RESIDENTS told a council planning committee that they supported proposals to redevelop an adjacent university campus into a housing estate.
Two of them spoke broadly in favour of Pobl Goup’s plans to convert the Edwardian building at the University of Wales Trinity Saint David’s Townhill campus, Swansea, into 62 flats.
Other buildings at the hillside site overlooking Swansea Bay will be demolished, paving the way for the construction of 98 houses.
Vehicle access will be from the north, via Townhill Road and Pantycelyn Road, while a footpath will link the site to Penlan Crescent to the south.
Nearby resident John Sayce said this footpath would enable future residents to get to Cwmdonkin Park and the surrounding Uplands area 15 minutes quicker than without it.
“There are a number of big advantages there,” he said.
But Mr Sayce, who also represents Swansea Bay cycle campaign group Wheelrights, said he would have liked bike and pedestrian access to the site via the adjacent Lon Cwmgwyn.
Another resident said she felt Pobl Group’s application “goes a long way” to addressing concerns that people in the area had. She said she was particularly pleased that woodland covering the southern half of the former campus would be retained.
But she felt the footpath to Penlan Crescent should close at dusk, and that houses planned to the south of the Edwardian building should have pitched rather than flat roofs.
Addressing the committee, Uplands councillors Nick Davies, Peter May and Irene Mann said they backed the development.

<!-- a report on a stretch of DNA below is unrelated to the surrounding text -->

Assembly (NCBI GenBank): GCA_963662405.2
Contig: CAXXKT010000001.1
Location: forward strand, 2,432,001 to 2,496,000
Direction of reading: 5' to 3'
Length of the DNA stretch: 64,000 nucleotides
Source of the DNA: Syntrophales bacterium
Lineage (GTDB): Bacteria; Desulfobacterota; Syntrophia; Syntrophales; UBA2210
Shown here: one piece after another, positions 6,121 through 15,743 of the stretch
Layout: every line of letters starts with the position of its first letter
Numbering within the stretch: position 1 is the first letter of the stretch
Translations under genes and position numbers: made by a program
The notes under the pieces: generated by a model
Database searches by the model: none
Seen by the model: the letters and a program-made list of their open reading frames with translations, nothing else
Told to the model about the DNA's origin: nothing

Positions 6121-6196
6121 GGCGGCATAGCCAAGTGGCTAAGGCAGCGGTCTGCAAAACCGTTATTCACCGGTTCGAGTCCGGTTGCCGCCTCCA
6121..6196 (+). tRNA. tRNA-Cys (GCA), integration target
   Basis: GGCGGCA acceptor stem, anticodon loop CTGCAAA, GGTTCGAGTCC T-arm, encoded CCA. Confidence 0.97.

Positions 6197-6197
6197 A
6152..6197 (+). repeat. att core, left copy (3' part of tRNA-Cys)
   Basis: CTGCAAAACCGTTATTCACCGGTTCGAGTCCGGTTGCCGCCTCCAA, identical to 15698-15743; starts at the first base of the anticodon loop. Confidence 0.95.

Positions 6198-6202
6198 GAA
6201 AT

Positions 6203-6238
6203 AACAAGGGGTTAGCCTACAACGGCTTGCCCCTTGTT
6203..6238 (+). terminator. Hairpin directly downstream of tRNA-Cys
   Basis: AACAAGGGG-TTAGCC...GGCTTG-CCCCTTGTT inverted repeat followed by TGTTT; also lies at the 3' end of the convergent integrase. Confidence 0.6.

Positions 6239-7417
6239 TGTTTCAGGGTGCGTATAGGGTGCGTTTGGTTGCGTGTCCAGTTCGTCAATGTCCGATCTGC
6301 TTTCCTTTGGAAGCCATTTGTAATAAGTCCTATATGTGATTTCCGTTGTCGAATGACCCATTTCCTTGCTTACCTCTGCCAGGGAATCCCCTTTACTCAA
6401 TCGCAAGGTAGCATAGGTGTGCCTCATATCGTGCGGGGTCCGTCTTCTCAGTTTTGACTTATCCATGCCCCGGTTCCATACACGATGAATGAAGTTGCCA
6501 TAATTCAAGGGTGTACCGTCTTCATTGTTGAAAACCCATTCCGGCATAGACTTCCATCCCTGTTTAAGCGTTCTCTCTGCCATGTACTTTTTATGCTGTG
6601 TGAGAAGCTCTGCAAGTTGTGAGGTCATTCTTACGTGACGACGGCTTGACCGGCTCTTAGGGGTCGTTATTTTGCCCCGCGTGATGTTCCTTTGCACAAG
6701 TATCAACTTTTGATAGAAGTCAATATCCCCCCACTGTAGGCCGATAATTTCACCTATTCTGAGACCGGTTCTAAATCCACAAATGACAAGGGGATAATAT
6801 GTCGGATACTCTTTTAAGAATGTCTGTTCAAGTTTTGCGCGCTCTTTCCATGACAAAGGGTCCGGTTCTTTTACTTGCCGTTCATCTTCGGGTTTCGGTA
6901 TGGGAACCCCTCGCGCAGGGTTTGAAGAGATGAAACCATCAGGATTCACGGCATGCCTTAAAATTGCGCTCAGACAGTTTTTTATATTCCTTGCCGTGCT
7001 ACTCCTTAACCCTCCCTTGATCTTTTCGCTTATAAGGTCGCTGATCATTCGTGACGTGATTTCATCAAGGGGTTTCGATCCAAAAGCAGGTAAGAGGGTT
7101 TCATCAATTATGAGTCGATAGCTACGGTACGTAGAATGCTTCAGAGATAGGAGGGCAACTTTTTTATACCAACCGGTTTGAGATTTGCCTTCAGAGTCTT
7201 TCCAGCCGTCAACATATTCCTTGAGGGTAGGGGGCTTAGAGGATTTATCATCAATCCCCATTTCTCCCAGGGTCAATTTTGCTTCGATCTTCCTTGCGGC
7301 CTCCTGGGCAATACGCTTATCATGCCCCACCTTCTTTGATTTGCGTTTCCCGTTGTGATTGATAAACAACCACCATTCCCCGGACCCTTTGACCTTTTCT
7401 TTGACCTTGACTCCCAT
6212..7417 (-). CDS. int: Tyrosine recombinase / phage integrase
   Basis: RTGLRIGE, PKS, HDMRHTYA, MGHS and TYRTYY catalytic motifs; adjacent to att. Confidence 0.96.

Cllr May said the campus proposals dated back to 2014, prior to a “wholesale” tree preservation order being applied by the council in 2016 following the actions of a “phantom tree chopper” at the site.
He said he would be wary of any access via Lon Cwmgwyn due to anti-social behaviour issues at an empty house – which was part of the campus – at the far end of the lane.
The planning committee approved Pobl Group’s application, which was an outline scheme for the 98 houses and detailed plans for the 62 flats, with the only objector Councillor Richard Lewis.
He said a planning condition insisting on sprinklers throughout the site should be inserted.
A planning officer said fire regulations would be covered by building control, but Cllr Lewis was not satisfied.
“If there is a risk we should alleviate that risk,” he said.
Pobl Group must contribute £140,000 towards improved cycling and pedestrian facilities on nearby roads, and 20% of the houses and flats will be low cost ownership or for social rent.
The council’s education department wanted contributions for Townhill primary and Dylan Thomas comprehensive schools but officers felt the £140,000 travel contribution, affordable housing provision and “abnormal” development costs made education contributions unjustified.
Planning agent Phil Baxter, on behalf of Pobl Group, said the applicant felt the scheme had been “well received” at a public engagement event.
He added: “Pobl see this as a flagship project.”